Murder verdict of man sentenced to death quashed


The last man to be sentenced to death in Northern Ireland has had his conviction for murder quashed by the Court of Appeal in Belfast. Liam Holden (58) had been sentenced to hang for the killing of a British soldier in 1972.

His sentence had been commuted to life in prison by then Northern Ireland secretary William Whitelaw. He served 17 years behind bars before being released on licence in 1989.

Private Frank Bell (18) was shot dead on Springfield Avenue in West Belfast on September 17th, 1972. Mr Holden was found guilty on the basis of a confession that he maintained was made under duress after being subjected to waterboarding. He claimed he was pinned to the floor, a thick towel was held over his face and the soldiers poured water on it.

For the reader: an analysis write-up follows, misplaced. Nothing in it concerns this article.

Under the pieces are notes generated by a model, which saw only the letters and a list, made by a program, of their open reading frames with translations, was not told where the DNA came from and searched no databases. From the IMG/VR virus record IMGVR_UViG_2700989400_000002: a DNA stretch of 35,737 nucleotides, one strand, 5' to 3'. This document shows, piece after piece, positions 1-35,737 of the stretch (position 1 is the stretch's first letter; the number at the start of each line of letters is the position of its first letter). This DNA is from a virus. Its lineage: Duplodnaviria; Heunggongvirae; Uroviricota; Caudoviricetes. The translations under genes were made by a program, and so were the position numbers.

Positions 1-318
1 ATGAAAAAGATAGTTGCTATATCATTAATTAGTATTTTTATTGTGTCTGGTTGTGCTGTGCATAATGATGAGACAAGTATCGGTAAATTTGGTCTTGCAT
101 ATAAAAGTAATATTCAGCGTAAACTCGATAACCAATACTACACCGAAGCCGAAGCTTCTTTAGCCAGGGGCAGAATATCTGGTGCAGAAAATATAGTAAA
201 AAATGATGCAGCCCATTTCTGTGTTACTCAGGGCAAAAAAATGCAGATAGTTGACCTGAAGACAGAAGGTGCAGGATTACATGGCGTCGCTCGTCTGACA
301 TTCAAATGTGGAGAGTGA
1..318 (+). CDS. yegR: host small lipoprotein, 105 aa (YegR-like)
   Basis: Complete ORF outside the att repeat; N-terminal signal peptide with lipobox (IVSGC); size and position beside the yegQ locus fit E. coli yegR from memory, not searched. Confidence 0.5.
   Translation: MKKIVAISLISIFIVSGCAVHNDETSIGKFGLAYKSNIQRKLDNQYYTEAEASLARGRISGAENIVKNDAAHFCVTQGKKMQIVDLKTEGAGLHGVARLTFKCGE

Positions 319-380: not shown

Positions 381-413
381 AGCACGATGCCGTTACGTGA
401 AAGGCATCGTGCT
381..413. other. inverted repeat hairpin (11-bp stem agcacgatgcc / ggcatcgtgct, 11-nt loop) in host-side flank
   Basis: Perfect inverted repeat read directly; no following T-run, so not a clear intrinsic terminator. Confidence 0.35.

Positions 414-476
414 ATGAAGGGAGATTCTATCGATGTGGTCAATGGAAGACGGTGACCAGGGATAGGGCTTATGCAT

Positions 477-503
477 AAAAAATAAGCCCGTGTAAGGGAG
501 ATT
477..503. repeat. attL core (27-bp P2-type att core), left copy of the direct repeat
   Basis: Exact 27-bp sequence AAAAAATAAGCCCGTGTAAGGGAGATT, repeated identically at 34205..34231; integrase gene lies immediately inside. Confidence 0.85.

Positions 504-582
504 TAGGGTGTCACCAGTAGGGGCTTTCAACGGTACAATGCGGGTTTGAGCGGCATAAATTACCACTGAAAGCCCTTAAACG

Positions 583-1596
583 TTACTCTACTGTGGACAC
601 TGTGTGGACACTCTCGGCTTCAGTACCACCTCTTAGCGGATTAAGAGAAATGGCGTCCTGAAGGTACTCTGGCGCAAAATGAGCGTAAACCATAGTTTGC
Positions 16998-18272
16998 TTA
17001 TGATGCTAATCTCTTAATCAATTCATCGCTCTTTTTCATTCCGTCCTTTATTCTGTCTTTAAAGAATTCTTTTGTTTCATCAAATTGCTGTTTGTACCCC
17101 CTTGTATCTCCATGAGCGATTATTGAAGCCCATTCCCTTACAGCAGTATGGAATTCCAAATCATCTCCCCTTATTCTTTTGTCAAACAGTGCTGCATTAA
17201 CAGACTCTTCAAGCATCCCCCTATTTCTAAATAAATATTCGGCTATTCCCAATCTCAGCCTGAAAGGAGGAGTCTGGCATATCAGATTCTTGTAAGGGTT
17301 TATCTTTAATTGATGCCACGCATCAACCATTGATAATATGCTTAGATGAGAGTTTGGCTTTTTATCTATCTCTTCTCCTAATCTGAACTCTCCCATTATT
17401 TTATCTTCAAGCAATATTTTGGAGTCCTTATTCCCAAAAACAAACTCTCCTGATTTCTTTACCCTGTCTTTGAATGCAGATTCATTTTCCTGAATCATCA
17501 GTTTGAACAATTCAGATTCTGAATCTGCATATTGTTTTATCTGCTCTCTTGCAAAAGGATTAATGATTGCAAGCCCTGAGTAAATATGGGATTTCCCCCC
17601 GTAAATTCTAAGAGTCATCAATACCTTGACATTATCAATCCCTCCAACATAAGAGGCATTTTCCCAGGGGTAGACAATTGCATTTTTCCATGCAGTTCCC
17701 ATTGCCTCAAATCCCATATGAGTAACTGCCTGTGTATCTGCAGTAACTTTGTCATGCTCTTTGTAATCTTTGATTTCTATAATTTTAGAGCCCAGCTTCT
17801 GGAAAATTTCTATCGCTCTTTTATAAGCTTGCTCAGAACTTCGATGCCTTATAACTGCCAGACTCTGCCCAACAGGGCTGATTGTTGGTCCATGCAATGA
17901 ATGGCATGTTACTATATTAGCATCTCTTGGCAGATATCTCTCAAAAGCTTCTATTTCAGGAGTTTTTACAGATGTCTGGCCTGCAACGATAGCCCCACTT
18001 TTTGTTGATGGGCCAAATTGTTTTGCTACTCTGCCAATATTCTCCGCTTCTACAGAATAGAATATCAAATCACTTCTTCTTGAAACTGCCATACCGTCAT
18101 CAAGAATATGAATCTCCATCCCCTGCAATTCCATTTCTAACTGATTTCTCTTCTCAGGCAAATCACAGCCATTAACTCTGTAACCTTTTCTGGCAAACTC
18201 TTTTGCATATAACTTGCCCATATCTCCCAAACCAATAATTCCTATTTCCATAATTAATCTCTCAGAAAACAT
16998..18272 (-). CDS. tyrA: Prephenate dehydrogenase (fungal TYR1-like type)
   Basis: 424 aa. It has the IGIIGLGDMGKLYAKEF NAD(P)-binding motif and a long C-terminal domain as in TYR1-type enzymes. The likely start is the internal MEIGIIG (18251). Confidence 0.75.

The widowed father-of-two said he was also taken to another part of Belfast and a gun was put to his head, at which point he agreed to sign the confession. Mr Holden said other people went through similar ordeals and he hoped the publicity would help bring those matters into the public domain. – (PA)